Attribution theory Essay

Words: 1170
Pages: 5

Discuss the types of attribution someone makes when they appraise a person’s behaviour. How may bias occur in their reasoning particularly if they have a very different background to the person they observe?
Attribution theory focuses on ways in which we gather and process information in order to come up with judgements and explanations for people’s behaviours and personalities or as explained by Fiske & Taylor (1991) “how the social perceiver uses information to arrive at casual explanations for events. It examines what information is gathered and how it’s combined to form casual judgements”. There have been many studies aimed at explaining the main errors people make when making inferences about people’s behaviour and whether culture
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Moreover, with the aim of discovering whether the dispositional rebound occurs amongst people of East Asian background and using the dispositional rebound as a tool to study the process of attribution, a study was carried out which participants consisting of 105 students from Hogeschool Gent, Belgium and 128 students from Kasestart University in Bangkok, Thailand, were given the task of judging a free or forced writer in the attitude attribution paradigm. The diagnosticity of the essays were manipulated in order to have participants also judge the essays based on whether they were diagnostic or not. Thai students were more sensitive to the manipulation of the diagnosticity of the essays, whilst the Belgian participants showed no sensitivity at all. Both ethnic groups displayed symptoms of the dispositional rebound when judging a diagnostic forced essay, however, Belgian participants were the only ones to display the dispositional rebound when judging a non-diagnostic essay.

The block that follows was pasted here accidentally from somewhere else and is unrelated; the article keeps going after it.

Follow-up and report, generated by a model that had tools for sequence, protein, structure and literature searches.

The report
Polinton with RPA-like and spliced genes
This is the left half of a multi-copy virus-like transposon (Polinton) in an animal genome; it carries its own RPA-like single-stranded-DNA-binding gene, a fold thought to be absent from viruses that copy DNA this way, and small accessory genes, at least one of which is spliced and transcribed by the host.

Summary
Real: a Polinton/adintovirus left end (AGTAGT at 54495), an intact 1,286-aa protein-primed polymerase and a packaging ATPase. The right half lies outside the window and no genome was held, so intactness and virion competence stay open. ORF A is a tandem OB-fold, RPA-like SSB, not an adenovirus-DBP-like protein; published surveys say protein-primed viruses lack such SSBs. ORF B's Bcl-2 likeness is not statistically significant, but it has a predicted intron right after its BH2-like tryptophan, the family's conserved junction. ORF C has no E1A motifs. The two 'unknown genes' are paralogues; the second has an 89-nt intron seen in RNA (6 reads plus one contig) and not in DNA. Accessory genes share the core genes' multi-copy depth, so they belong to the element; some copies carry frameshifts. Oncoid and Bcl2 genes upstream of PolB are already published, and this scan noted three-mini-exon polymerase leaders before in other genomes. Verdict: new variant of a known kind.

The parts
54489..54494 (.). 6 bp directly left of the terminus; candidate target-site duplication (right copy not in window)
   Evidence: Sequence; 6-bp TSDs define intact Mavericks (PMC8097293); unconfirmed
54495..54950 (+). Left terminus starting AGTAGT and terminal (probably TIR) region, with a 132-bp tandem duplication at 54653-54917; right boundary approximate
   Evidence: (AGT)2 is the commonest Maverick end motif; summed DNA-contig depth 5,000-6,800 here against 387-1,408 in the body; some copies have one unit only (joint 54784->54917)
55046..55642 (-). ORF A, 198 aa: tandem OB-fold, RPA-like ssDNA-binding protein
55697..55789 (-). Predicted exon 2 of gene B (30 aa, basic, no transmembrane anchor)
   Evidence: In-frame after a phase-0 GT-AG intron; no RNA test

Subsequently, participants were asked to judge a series of pictorially represented behaviours. Both Belgian and Thai participants displayed the dispositional rebound when the situational information was hidden. However, Thai participants no longer displayed the dispositional rebound when the situational information was made salient (also discovered by Choir & Nisbett in their 1998 study